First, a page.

A listener wrote in to The Cale Clarke Show to ask Cale about the concept of reincarnation. He said that he knows that the Catholic Church teaches that reincarnation does not exist, but he heard that it was in scripture and then later removed from canon at the Council of Nicaea. Is there any truth to this?
Cale responded by first saying that he has heard this same argument before in multiple contexts, the first of which refers to the typological saying that calls Jesus “The New Adam”. Some interpreted this to mean that Jesus is the reincarnation of Adam who has come to do the right thing whereas Adam chose to sin. So clearly, the Church would promulgate reincarnation if Jesus did it, right?
Wrong. That phrase, “The New Adam”, is typological, said Cale. It’s a form of reference or symbolism. Whereas Adam was put on this earth to stand as the beginning of our eternal salvation, he failed. He gave in to the desires of this world. Jesus took on flesh to come down to earth to fulfill the things that Adam did not. God remains the same and constant forever, so to say that Jesus is literally the reincarnation of Adam would be blasphemous. Adam is not God, but a creature of God. Jesus is God.
The other time where Cale heard this argument that the Church taught reincarnation was, strangely enough, through the autobiographical book Out on a Limb, by actress Shirley MacLaine. MacLaine subscribed to some abnormal, new-age world and religious views, including the belief that the Church originally taught reincarnation. She said, “The theory of reincarnation is recorded in the Bible, but the proper interpretations were struck from the Bible during an ecumenical council meeting of the Catholic Church in Constantinople sometime around AD 553, which was called the Council of Nicaea.”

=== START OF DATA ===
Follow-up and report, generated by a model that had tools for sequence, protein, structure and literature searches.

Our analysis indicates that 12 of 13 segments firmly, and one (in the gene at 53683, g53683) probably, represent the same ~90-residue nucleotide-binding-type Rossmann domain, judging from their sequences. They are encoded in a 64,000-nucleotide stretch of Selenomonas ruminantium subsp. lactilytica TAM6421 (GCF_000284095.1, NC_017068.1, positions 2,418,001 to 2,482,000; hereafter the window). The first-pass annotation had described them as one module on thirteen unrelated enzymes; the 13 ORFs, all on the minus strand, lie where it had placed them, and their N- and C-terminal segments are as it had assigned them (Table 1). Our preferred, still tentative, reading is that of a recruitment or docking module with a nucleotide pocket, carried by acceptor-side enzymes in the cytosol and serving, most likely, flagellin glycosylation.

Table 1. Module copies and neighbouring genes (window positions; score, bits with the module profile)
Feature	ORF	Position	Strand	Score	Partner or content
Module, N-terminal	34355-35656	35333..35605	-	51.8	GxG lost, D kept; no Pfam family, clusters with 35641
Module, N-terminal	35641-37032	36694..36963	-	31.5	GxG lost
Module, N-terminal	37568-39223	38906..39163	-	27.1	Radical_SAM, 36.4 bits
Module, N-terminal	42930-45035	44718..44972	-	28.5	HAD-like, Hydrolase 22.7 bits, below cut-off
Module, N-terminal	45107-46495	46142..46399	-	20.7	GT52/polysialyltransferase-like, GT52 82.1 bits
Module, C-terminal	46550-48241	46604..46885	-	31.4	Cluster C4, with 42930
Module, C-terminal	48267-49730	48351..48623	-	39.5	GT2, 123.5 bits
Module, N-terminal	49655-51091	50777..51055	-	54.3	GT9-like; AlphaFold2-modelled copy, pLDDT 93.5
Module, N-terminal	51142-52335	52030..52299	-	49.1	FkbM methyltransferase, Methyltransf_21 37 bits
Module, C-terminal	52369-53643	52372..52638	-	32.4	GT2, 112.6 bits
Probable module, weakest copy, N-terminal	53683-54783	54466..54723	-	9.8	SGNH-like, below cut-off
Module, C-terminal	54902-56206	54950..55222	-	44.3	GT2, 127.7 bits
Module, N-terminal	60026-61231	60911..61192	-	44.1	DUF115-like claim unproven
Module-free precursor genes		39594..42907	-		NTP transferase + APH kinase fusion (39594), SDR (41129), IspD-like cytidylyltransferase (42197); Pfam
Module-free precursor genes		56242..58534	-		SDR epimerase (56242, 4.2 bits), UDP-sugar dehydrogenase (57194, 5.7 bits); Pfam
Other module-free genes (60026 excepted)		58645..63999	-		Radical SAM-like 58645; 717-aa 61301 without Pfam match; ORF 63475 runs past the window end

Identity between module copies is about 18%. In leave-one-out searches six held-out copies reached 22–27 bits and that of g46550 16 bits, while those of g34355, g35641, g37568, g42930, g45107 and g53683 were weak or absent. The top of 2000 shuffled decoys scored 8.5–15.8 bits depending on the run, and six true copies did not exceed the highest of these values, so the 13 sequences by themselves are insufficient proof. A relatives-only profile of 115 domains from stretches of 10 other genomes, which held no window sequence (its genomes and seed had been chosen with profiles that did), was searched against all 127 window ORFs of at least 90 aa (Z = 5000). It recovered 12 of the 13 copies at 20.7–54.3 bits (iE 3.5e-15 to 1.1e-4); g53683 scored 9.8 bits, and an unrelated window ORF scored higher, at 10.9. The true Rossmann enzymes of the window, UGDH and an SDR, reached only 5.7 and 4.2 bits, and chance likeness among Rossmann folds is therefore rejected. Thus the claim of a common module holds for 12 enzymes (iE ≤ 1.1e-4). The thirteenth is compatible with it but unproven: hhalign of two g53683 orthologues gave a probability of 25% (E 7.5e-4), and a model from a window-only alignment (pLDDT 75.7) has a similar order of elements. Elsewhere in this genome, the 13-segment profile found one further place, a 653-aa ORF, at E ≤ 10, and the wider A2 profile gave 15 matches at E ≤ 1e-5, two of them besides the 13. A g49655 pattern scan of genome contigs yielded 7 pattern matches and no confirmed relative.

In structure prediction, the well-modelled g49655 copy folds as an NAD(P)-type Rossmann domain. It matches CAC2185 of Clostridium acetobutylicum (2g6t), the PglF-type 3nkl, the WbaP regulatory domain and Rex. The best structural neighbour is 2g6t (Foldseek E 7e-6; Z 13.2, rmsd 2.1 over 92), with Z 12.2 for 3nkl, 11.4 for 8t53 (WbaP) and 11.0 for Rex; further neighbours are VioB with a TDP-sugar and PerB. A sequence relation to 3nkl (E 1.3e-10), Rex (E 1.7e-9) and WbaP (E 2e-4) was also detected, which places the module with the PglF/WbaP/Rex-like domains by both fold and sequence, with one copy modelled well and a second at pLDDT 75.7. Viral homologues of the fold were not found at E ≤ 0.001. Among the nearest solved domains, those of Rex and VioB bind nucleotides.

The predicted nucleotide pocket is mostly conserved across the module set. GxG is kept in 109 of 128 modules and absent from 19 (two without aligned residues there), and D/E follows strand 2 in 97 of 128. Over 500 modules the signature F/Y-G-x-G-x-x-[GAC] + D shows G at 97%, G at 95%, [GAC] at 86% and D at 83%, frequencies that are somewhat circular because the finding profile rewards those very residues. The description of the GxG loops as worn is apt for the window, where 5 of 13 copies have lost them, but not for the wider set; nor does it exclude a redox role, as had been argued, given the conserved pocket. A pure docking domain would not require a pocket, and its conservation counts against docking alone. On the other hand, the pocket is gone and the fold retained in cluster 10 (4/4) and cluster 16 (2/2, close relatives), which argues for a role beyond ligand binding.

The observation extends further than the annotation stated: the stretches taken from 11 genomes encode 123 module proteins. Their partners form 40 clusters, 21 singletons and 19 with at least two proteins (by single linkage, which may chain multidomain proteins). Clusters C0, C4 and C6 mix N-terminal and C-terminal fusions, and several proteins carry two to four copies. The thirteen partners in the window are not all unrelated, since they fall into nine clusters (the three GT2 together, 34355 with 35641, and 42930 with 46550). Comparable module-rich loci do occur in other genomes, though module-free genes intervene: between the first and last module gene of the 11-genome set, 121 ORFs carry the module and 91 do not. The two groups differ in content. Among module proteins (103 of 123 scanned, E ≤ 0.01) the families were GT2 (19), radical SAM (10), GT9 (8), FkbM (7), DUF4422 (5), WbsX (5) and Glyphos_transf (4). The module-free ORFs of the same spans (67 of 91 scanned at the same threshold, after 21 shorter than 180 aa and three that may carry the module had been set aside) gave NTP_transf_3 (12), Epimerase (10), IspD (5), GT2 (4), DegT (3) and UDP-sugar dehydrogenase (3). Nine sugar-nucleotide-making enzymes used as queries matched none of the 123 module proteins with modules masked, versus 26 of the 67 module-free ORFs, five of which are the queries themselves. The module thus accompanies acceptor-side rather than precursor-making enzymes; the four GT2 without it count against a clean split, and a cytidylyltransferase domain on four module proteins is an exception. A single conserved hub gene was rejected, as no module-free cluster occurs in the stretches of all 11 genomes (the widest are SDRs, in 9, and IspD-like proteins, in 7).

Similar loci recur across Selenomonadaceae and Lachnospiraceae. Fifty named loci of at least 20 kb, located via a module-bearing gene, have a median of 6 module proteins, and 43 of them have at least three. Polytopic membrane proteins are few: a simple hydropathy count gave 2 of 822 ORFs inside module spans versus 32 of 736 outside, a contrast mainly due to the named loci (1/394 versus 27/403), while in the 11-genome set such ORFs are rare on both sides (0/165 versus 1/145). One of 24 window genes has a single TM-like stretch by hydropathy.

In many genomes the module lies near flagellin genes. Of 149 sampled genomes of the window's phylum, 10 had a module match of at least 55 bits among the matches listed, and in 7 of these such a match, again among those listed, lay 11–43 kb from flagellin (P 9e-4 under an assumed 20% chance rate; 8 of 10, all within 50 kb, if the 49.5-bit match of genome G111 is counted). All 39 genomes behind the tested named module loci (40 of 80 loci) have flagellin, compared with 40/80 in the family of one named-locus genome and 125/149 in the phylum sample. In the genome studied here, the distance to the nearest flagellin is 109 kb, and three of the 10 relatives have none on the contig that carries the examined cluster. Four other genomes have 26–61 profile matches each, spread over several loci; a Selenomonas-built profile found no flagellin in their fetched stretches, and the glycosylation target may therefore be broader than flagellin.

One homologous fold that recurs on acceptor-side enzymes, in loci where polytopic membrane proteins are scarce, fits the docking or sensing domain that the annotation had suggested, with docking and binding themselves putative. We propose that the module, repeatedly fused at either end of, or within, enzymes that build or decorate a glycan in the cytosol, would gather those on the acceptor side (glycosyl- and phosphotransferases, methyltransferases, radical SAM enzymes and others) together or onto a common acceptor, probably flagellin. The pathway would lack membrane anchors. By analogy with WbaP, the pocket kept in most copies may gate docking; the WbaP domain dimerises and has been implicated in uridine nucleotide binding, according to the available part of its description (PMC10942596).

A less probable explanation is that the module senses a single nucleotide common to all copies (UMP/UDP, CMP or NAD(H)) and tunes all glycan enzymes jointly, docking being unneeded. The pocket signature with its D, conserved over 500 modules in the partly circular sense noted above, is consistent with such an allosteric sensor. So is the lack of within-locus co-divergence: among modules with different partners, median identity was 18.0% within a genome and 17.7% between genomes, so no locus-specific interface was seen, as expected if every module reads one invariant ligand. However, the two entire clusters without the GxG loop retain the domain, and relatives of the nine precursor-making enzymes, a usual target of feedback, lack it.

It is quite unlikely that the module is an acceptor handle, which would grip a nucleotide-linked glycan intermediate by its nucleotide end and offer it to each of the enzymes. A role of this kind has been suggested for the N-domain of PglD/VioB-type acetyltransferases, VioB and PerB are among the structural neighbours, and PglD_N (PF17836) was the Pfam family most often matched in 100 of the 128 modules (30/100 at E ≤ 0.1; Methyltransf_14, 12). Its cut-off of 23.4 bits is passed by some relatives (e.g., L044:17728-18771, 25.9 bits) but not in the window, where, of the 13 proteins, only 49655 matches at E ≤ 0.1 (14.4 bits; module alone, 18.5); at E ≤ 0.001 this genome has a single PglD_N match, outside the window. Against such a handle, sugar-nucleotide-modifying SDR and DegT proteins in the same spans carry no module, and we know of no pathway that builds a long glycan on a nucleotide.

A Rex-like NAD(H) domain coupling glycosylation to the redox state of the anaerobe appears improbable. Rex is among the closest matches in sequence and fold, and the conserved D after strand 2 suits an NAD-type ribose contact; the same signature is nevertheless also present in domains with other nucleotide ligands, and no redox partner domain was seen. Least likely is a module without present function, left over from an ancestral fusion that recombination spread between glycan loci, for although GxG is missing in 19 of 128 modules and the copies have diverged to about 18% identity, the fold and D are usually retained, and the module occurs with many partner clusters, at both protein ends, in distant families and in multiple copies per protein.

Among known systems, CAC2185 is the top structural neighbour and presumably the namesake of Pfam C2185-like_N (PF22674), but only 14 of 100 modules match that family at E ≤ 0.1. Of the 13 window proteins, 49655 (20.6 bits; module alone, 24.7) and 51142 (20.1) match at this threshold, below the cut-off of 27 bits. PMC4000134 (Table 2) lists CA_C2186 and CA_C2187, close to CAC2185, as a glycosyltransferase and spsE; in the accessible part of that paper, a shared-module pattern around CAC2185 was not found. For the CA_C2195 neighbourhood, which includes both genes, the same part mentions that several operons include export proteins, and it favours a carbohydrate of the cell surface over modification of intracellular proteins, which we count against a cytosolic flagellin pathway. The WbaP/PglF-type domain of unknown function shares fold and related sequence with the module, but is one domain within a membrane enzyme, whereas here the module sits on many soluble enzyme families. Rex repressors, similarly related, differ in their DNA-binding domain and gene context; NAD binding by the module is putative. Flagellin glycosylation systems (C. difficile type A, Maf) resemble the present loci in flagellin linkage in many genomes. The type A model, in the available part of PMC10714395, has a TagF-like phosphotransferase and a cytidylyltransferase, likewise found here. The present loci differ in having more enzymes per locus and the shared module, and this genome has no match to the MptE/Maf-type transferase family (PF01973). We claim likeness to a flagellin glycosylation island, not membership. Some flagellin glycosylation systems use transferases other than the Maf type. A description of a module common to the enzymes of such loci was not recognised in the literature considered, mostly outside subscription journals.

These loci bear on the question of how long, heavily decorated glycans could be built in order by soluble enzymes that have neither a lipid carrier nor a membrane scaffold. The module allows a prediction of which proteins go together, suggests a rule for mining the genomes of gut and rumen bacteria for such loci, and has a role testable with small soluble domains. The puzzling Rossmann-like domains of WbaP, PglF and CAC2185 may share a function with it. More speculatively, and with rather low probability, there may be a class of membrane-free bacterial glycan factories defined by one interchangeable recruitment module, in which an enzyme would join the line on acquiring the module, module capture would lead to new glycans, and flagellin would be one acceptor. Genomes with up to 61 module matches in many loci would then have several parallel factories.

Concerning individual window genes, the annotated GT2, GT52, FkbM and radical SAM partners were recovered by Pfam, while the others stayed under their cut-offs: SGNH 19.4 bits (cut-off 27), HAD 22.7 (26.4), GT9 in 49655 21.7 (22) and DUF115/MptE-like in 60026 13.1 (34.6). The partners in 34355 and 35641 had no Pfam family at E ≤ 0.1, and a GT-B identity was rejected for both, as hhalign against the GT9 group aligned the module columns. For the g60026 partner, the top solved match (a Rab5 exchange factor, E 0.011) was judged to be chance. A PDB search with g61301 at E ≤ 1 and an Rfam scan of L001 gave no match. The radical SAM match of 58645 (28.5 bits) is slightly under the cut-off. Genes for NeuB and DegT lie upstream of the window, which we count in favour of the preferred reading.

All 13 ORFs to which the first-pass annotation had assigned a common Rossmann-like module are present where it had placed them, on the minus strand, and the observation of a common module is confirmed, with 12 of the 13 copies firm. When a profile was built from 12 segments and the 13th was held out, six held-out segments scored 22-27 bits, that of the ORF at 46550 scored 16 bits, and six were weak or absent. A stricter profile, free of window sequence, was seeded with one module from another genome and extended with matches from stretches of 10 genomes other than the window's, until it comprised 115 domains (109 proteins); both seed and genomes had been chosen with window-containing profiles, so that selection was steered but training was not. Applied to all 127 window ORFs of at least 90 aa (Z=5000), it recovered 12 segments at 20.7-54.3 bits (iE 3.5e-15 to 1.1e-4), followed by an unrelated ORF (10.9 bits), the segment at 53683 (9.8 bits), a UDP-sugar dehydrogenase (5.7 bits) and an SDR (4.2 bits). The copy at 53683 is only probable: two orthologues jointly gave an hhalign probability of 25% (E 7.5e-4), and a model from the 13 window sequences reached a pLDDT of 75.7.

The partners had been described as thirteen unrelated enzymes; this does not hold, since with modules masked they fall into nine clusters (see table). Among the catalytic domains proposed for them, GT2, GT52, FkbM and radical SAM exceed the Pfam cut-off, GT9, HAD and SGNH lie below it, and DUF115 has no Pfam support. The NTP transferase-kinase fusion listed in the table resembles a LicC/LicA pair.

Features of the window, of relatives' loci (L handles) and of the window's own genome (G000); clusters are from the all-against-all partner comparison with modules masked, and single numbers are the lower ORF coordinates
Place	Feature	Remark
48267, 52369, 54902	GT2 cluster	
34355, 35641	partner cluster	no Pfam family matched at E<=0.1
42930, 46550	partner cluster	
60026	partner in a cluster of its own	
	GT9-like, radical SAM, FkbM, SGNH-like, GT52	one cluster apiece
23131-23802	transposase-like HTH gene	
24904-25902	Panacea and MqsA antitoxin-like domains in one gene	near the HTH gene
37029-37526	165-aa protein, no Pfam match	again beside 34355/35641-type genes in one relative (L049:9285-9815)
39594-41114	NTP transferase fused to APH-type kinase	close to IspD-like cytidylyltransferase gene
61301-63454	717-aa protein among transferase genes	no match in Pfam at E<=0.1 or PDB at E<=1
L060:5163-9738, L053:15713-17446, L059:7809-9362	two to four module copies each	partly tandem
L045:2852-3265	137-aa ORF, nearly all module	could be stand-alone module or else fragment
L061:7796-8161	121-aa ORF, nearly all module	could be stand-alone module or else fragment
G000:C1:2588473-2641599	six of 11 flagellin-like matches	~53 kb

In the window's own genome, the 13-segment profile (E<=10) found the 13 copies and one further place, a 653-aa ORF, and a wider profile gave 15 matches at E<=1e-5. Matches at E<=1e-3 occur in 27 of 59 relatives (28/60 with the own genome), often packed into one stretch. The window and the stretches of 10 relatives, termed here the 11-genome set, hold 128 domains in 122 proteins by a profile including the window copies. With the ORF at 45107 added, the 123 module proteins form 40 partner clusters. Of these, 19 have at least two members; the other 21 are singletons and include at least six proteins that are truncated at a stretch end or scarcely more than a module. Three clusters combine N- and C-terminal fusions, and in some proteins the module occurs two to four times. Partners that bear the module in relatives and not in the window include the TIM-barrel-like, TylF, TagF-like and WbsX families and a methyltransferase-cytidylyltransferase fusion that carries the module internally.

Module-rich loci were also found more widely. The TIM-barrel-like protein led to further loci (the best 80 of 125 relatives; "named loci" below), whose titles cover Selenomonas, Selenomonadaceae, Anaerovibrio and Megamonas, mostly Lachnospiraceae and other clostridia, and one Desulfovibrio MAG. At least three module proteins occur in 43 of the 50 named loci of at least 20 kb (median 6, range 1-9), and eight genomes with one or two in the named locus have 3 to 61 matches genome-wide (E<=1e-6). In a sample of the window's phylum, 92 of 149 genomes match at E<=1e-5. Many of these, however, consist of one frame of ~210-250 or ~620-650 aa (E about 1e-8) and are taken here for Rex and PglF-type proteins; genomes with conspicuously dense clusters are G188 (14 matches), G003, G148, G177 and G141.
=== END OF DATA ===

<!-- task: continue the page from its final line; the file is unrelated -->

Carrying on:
As Cale pointed out, MacLaine was conflating several different things. First of all, there was no Council of Nicaea in 553 A.D. There was the First Council of Nicaea in 325 A.D. and the Second Council of Nicaea in 787 A.D., but nothing in between. Second of all, these two councils did not take place in Constantinople. They took place in, Nicaea, the Byzantine city across the Bosporus strait from Constantinople. Third of all, in neither of those councils did the Church ever discuss the idea of reincarnation. And fourth of all, there was a meeting in 553 AD, but that was the Second Ecumenical Council of Constantinople and they didn’t discuss reincarnation at that one either. By all accounts, Ms. MacLaine is incorrect.
So where did MacLaine get this idea? And why did she spread it? “Well, it’s, in all likelihood, something she got from another book that was quite popular in the 1970s; a book called Reincarnation in Christianity. And that was written by somebody named Geddes MacGregor,” said Cale. MacGregor said that Origen, an influential, early Christian theologian, actually believed in reincarnation. Cale said MacGregor has no proof of this.
In reality, Origen believed in the pre-existence of souls in heaven before they are attached to a body at the moment of conception. He did not believe in reincarnation, and he actually condemned it. Furthermore, at the very council in 553 that MacLaine was seemingly referencing in her book, the Church condemned the teaching of pre-existent souls.
In conclusion, the Church does not teach reincarnation, nor has it ever taught reincarnation. Related ideas like superstition, karma, predestination, and pre-existent souls are also false. Reincarnation was never a teaching present in the Bible, and it was therefore never struck from the Bible. None of the first seven ecumenical councils even mention reincarnation. Once we die, it is believed that our souls will be separated from our bodies. While our souls travel to the afterlife, our bodies will decay.
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